Industrial Concentration and Retail Trade.

Part of the debate – in the House of Commons on 23rd July 1942.

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Photo of Mr Charles Waterhouse Mr Charles Waterhouse , Leicester South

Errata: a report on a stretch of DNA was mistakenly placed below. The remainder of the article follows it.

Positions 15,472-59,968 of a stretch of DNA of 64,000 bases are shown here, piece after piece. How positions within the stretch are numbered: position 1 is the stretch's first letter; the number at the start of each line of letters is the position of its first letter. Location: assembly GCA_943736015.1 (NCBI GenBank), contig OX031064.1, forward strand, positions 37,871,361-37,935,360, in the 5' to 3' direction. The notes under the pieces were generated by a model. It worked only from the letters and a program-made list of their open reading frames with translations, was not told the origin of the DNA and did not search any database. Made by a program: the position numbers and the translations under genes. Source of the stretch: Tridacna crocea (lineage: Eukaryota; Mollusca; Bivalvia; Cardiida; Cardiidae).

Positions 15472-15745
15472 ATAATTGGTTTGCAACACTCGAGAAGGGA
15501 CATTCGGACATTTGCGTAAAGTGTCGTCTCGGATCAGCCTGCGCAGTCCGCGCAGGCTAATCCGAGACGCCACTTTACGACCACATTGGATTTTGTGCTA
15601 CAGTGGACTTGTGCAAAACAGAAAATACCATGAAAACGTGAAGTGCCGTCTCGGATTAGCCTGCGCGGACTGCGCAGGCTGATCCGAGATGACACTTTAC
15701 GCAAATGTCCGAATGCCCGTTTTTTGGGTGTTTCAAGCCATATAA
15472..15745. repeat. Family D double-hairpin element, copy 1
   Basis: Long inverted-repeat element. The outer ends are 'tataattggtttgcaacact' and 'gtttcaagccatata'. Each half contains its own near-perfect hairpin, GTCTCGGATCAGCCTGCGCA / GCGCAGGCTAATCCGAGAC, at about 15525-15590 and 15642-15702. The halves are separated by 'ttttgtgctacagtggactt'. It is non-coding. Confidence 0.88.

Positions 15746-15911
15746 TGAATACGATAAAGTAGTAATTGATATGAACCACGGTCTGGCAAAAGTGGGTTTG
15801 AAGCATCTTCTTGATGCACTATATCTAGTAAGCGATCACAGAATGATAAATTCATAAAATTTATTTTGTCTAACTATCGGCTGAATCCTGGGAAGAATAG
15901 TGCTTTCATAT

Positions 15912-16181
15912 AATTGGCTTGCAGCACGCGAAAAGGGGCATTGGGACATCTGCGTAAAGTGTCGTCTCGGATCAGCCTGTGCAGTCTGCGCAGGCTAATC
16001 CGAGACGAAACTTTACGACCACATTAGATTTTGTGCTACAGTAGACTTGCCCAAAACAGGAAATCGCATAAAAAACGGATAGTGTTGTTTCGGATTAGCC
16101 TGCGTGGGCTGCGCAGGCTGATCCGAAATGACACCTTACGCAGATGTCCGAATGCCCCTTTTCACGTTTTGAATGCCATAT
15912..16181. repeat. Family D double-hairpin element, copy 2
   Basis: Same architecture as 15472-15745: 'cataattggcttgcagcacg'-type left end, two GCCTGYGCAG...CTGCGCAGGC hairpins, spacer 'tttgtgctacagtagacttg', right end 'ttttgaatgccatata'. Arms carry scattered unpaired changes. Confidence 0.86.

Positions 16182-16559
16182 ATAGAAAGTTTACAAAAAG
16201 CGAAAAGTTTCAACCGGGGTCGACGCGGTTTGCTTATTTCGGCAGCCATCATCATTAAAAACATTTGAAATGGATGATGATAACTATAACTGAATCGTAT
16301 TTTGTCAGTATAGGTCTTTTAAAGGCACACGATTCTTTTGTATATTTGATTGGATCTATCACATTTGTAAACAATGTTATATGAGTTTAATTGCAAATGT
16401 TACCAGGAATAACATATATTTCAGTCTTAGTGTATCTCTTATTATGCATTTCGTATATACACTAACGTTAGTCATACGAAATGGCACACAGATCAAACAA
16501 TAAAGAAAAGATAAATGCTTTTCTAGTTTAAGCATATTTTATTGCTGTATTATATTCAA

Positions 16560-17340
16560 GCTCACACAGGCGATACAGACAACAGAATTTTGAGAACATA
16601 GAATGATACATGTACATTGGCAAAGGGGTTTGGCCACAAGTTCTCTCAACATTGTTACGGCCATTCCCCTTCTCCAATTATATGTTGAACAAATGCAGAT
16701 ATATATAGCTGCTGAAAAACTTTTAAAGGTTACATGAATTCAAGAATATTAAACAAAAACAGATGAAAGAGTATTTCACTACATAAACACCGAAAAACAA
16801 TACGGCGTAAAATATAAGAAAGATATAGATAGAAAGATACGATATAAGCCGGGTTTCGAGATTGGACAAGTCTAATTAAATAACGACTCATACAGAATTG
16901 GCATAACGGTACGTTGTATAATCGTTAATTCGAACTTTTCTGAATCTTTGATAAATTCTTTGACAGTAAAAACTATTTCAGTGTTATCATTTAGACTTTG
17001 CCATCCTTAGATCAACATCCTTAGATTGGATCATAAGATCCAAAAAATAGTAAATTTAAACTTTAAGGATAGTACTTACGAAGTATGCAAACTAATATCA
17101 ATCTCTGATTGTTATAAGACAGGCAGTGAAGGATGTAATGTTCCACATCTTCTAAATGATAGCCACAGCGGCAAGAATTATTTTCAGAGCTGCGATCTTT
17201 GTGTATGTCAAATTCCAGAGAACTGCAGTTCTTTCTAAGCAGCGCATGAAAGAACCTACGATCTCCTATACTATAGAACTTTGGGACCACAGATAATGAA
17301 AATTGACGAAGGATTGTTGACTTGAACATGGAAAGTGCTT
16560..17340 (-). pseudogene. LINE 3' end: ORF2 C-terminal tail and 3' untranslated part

I can assure my hon. and gallant Friend that my right hon. Friend will not pay undue attention to one argument or another, and that he will weigh up all the arguments that have been put in this House and that have been put outside the House. [Interruption.] No doubt hon. Members will find-ways, possibly through the usual channels, of conveying their opinions, either to my right hon. Friend direct, or to me. I shall be very glad to pass them on. My hon. Friend the Member for South-East Ham raised one particular question about the levy. He asked if it was to be a business expense. I think my right hon. Friend made that fairly clear in his opening speech. He said he thought that as far as the business expense angle was concerned it would probably be allowed as such in the profit and loss account for tax purposes. [Interruption.] My right hon. Friend is a Member of the Government and I think it can be said that the Government speaks with one indivisible voice on such matters. In so far as this levy might be allowed to effect prices I think he is on much more difficult and dangerous ground, and as the hon. Member for Frome pointed out it is by no means certain that when certain businesses are cut out, the shops that remain will be so far out of pocket as would seem to be the case now. The hon. Member for Putney raised a point about the chemists being left out. These, again, like the cooperatives, are a rather favoured industry. I am fairly sure, too, that if they were faced with the alternative of either standing out of such a scheme should it be decided upon, or of coming in and supporting their confreres, they would, without the slightest doubt, decide to help.